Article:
Disston Backsaw Rehab

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Project by jcontract posted 02-27-2010 01:17 AM 3497 views 4 times favorited 18 comments Add to Favorites Watch

I’m headed to the Philadelphia Furniture Workshop next weekend to take a class on Handcut Dovetails. The first day, we practice saw sharpening. So, rather than practice on one of the “good” saws, I found an old Disston that was in need of some serious help. I figured what’s the worse that can happen.

Really rusty for sure, but surprisingly the handle is in good shape, and the saw plate is straight as well. I might just be able to get a working saw out of this one. That’s a bonus since all I really wanted to do was bring it to the class to practice.

The techinque used for cleaning the saw plate was really very simple. Just some automotive wet-dry sandpaper with some WD40 as a lubricant. With a little elbow grease, the saw plate came clean. Astonishingly, as rusted as this saw is, there is noticeable staining, but no pitting!

I sanded the handle, hit it with a light coat of wipe on poly, and then dyed the handle with a cherry finish. I added 2 coats of Bison Clear wax as a protectant, and she’s ready to go. What do you think ? Not too bad for a first attempt?

I’ll post pictures of the toothline after I learn how to sharpen. I took this saw to Joel Moskowitz of Tools for Working Wood and his exact words were “that saw is going to need a lot of work”. I’m game!

18 comments so far

View something_vague's profile


15 posts in 3213 days

#1 posted 02-27-2010 01:51 AM

I have a very similar saw made by Disston. That saw is absolutely worth hanging on to once you get it completely up and running. I did a small amount of research on my saw and have found out it was made in the 1870’s. The logo cap that is on the handle will give you good idea of the time period it was manufactured. Here is a link where you can find the time period your saw was manufactured/made.

View jcontract's profile


84 posts in 3288 days

#2 posted 02-27-2010 03:17 AM

Thanks vague. I looked it up. Medallion places this one between 1896-1917. Probably 90% of Disston saws that collectors find will have this medallion. By 1900 Disston was making more saws than any other manufacturer worldwide, and their share of the market increased each year. Also by this time, Disston had bought over a dozen of its competitors, leaving only Atkins, Bishop and a newcomer to saw making, Simonds as major sawmakers in the US. Bishop stopped making saws in 1920, and Simonds made a strong impression on the market for only a short time, closing down in 1926.

View kcrandy's profile


285 posts in 3633 days

#3 posted 02-27-2010 04:01 AM

Wow, that handle. That’s a work of art.

-- Caulk and paint are a poor carpenter's best friends

View savannah505's profile


1823 posts in 3787 days

#4 posted 02-27-2010 04:16 AM

Looks like it should be on a hardware store shelf, about 100 years ago. A real beauty.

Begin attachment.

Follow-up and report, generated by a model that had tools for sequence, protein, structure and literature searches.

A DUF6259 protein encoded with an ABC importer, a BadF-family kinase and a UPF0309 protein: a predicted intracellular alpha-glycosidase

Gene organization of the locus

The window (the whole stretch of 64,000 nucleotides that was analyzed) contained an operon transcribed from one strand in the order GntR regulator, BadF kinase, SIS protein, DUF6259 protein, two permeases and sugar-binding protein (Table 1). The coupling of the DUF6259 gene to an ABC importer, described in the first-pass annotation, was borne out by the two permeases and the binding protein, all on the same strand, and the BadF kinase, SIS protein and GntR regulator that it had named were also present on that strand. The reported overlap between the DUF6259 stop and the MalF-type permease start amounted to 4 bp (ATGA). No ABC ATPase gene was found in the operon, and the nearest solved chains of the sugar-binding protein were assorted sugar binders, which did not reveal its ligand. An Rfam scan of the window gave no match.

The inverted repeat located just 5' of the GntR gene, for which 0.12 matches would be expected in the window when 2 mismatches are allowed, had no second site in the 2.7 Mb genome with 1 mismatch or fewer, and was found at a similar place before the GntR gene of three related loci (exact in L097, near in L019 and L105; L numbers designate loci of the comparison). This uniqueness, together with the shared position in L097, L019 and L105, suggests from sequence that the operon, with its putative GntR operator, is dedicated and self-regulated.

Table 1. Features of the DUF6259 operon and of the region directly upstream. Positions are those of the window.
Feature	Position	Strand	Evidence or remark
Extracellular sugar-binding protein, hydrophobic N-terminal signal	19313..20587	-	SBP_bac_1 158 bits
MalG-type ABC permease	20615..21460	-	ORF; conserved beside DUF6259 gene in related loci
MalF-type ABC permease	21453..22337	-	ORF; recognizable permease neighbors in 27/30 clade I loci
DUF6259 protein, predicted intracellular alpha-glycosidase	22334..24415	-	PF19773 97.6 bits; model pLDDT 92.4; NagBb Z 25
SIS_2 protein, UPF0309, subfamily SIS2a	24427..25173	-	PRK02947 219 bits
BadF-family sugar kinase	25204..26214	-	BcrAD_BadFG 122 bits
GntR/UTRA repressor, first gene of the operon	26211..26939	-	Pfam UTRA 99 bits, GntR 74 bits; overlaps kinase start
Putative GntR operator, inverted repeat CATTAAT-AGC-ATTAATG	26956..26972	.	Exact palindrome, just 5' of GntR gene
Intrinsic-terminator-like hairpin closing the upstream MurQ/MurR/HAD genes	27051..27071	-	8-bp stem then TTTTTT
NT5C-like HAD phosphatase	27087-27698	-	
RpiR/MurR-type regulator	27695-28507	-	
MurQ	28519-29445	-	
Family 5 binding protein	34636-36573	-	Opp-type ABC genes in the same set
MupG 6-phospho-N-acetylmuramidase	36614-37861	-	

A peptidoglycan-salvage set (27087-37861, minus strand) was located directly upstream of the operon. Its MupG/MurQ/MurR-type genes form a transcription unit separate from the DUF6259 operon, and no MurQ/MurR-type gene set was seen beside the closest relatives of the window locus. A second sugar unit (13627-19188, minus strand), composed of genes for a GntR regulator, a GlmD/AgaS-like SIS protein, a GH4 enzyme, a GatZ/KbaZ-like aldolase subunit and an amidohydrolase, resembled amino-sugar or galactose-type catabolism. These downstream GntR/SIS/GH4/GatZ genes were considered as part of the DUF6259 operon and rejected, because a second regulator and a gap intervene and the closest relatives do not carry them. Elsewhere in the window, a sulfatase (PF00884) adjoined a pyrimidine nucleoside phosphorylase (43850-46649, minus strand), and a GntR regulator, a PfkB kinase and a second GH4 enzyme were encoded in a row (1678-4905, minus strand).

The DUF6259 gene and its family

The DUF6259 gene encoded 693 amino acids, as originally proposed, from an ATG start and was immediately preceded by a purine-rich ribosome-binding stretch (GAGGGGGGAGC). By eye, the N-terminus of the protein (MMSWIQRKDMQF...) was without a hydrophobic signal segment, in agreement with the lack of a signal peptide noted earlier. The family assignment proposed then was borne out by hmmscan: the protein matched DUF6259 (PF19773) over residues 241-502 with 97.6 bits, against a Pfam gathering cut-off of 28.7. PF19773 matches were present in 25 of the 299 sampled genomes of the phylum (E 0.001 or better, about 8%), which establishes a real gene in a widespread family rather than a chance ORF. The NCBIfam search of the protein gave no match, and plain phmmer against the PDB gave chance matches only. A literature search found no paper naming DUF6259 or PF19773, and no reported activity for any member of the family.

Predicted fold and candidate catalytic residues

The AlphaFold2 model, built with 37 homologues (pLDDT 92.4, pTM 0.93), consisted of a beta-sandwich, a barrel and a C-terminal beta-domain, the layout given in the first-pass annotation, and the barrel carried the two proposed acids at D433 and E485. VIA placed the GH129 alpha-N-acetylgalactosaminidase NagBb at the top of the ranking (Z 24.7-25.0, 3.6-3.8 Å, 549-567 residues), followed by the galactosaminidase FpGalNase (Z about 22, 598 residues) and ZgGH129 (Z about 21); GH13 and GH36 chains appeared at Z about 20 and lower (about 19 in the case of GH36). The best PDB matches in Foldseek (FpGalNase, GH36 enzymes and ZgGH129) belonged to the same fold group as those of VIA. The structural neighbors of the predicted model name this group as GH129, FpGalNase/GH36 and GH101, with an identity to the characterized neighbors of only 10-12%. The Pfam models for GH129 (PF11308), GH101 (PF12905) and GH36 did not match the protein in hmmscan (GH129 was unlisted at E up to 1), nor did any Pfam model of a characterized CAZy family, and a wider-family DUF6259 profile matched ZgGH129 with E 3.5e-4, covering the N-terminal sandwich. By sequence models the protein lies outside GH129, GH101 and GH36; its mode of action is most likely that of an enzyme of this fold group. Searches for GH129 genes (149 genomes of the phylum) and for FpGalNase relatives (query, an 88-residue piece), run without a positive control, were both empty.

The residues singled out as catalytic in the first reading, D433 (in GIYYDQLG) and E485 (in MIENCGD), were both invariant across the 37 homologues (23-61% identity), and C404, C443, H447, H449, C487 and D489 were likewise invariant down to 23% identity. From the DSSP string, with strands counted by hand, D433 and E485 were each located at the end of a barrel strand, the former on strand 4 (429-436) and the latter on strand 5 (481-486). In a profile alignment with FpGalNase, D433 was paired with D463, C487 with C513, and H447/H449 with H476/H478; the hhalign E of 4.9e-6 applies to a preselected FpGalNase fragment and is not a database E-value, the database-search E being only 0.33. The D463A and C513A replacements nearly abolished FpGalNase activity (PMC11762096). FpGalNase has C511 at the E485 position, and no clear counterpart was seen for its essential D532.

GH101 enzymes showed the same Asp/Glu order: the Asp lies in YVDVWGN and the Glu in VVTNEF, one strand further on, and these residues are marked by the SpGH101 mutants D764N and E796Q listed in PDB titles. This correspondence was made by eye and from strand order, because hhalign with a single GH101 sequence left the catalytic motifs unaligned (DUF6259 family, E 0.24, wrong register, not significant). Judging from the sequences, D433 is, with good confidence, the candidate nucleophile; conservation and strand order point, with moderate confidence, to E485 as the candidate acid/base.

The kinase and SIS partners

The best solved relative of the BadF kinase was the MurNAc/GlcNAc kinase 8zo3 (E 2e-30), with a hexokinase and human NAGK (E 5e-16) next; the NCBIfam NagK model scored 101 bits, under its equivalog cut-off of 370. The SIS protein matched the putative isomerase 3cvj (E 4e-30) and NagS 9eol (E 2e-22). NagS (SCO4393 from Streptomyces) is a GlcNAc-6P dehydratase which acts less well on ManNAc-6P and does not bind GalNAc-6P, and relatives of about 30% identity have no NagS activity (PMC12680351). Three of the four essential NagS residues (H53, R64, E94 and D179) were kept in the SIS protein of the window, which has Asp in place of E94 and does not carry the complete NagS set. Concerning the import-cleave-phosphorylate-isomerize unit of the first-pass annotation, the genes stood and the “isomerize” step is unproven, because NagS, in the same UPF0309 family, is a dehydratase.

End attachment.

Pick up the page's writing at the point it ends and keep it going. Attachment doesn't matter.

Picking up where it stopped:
-- Dan Wiggins

View docholladay's profile


1287 posts in 3259 days

#5 posted 02-27-2010 05:38 AM

I used the same technique to cleam up a couple of old Disston saws that I picked up for nothing. I used a non woven abrasive pad instead of sand paper and I was even able to bring back some of the original etch. I got them sharpened and they cut beautifully. I would venture to say that once you get that old Disston sharpened, it may actually cut as well or better than your other saws. Those things were made with very good steel. If you don’t want that one, you can certainly send it to me. It looks great and should be a keeper.

-- Hey, woodworking ain't brain surgery. Just do something and keep trying till you get it. Doc

View Skylark53's profile


2678 posts in 3261 days

#6 posted 02-27-2010 06:36 AM

Nice save!

-- Rick, Tennessee, John 3:16

View createncarve's profile


8 posts in 3222 days

#7 posted 02-27-2010 07:23 AM

That’s awesome. Great rehab!

View woodworm's profile


14470 posts in 3791 days

#8 posted 02-27-2010 09:21 AM

Coooool work!

-- masrol, kuala lumpur, MY.

View bill merritt's profile

bill merritt

203 posts in 3489 days

#9 posted 02-27-2010 11:53 AM

Very nice job on a real good saw !

-- Bill Merritt -Augusta Ga. woodworker

View jtash's profile


30 posts in 3284 days

#10 posted 02-27-2010 02:17 PM

Looks great! It should make a great saw.

View AJJ's profile


75 posts in 3349 days

#11 posted 02-27-2010 06:43 PM

Nice job. I have one in the shop I need to work on.

-- AJJ, Eugene OR

View Dennisgrosen's profile


10880 posts in 3316 days

#12 posted 03-15-2010 11:08 PM

cool save
you already did a fine job
your filling better live up to that :—)


View bigike's profile


4055 posts in 3489 days

#13 posted 03-15-2010 11:20 PM

very nice work!

-- Ike, Big Daddies Woodshop,

View chrisstef's profile


17761 posts in 3207 days

#14 posted 03-30-2010 02:44 AM

Fantastic looking old saw. Im working on rehabbing 4 Disston saws myself. Right now i have identified 2 of them as a No. 7 22” 10 TPI Panel Saw a D7 26” Handsaw. You did a great job on the rehab.

-- Its not a crack, its a casting imperfection.

View exelectrician's profile


2328 posts in 2628 days

#15 posted 10-30-2011 04:28 AM

..... I guess you are in a pickle with such a great start, we are all sitting on the edge of our seats, watching and waiting for the file and set job..

-- Love thy neighbour as thyself

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